Brewers should benefit with NLCS not starting until Friday
DENVER — Before his team took the field for Game 3 of the National League Division Series at Coors Field, Milwaukee Brewers manager Craig Counsell was asked who’d get the ball first on Monday should the Colorado Rockies stave off elimination and force a fourth game in the best-of-five series.
“We’re just going to wait,” Counsell said. “We’ve got a couple different plans in place, and we’ve got a couple different ways to go, depending on how today’s game kind of unfolds. And then that’ll predicate what we’re going to do tomorrow.”
The question became a moot point after Milwaukee closed out Colorado 6-0 in Sunday. The Brewers can relax at home before opening the NLCS against either Atlanta or Los Angeles on Friday night at Miller Park.
For some teams, such a long layoff can be a momentum-killer; especially for a team that has won 26 of its last 33 games including its last 11 in a row. But Milwaukee, a team built on the back of a pitching staff that leads the league in relief innings this season, will embrace the respite with open arms.
“Counsell has been good about giving us days all year but to get them in between each series is great,” said reliever Jeremy Jeffress, the only Brewers pitcher to have an ERA above 0.00 in the series. “They’re big.”
Counsell used his high-leverage relievers — Corey Knebel, Josh Hader and Jeffress — in all three games, a feat made easier thanks to a surplus of off-days for travel and the structure of a best-of-five set.
He also wasn’t worried about those pitchers being overexposed with multiple appearances against the same team over a short stretch.
“Those are your guys,” Counsell said. “Those are the guys you’re going with if the opportunity is right. I think it’s an easy scenario. They’re going to be in the game. The big league game is about that cat-and-mouse game between a hitter and a pitcher. And both sides are aware of the recent, especially the recent history. And so it’s on both sides, and that’s the beauty of the game.
“The adjustments that the hitter makes, that the pitcher makes, or the non-adjustment and just go to the strength, that’s the beauty of the game. You know, those are our important guys, and they’re going to pitch.”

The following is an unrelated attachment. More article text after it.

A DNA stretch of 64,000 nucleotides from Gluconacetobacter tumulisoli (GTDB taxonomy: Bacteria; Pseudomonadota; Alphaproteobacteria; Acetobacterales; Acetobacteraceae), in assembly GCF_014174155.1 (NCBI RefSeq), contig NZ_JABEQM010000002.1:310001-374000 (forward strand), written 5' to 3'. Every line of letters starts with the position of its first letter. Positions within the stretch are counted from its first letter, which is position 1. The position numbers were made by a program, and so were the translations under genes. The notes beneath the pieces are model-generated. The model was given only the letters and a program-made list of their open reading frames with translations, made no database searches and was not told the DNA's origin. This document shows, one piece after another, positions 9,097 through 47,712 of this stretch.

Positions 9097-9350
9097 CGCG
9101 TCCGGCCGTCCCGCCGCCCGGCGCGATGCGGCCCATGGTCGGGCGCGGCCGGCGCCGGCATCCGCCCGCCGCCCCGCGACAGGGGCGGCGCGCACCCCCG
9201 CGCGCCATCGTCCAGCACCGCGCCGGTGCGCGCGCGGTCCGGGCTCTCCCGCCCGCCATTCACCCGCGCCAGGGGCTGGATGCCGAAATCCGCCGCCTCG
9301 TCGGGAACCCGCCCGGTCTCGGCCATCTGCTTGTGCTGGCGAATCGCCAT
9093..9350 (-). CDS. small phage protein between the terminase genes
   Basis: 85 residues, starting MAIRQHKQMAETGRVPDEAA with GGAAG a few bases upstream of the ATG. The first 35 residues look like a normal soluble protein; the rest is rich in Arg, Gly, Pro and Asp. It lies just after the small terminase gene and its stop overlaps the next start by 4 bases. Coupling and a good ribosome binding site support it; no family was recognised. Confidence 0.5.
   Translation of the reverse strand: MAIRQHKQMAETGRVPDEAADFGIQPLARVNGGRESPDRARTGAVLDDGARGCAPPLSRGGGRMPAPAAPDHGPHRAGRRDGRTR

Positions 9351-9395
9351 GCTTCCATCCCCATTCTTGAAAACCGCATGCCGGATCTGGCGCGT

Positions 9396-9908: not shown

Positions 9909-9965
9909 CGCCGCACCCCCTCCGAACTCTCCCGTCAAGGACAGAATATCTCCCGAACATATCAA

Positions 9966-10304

Orlando Arcia’s solo home run in the ninth inning marked the latest milestone in a rather unlikely story for the young shortstop.
A .277 hitter a year ago, Arcia was batting .197 through 66 games when the Brewers demoted him to Class AAA Colorado Springs in early July to get back on track.
“I’ve been trying to keep my head strong, staying positive at all times and just working on everything day-to-day,” Arcia said through team interpreter Carlos Brizuela. “Even if things didn’t go right, you’ve still got to keep working on it and get better every day, and then take whatever all the other guys are telling you, take all their advice that you gain from the guys and be very thankful that all the guys have been on my back and been supporting me from the beginning. It’s been awesome.”
Arcia returned for the stretch run and closed the season on a high note, recording a hit in the season’s final seven games (going 11-for-26 during that stretch) and hit .311 (37-for-119) over his final 44 appearances.
When he returned, the Brewers infield looked considerably different. While Arcia was at Colorado Springs, Milwaukee obtained third baseman Mike Moustakas and second baseman Jonathan Schoop. Travis Shaw would bounce between third and second with Hernan Perez still in the mix at all four outfield spots.
All those options led to some tough decisions for Counsell, but also allowed him to play each of them to their own and the team’s strengths.
“There’s a number of factors that kind of went into it,” Counsell said of his lineup construction. “It was the other team’s pitcher, but probably most importantly, who was our pitcher is probably the most important factor in this. So for a guy like Wade (Miley), where there’s a lot of contact, there’s a lot of contact on the ground, I think it makes sense that Orlando is generally in there when he’s been pitching, a lot of right-handed hitters.”
Arcia was in the lineup Sunday and in position for the late-game heroics.
“You’re just trying to play the percentages, and if there’s going to be a lot of ground balls hit to the short-stop area, he’s the guy you want in there,” Counsell said.
When the Brewers resume work this week, they’ll also get a chance to re-evaluate and adjust but it’s a pretty good bet that rookie right-hander Corbin Burnes will be on the list for the NLCS.
Burnes made two appearances against the Rockies, striking out five while allowing just one hit over four scoreless innings.
“You dream about this kind of stuff,” he said. “This is why you play baseball.”
The 23-year-old Burnes was named Milwaukee’s minor league pitcher of the year in 2017. He went 7-0 with a 2.61 ERA in 30 big league appearances this season.
Milwaukee’s bullpen has a 1.67 ERA over the last 29 games with 177 strikeouts in 129⅔ innings during that stretch, including 33 strikeout in 16⅔ innings from Corey Knebel.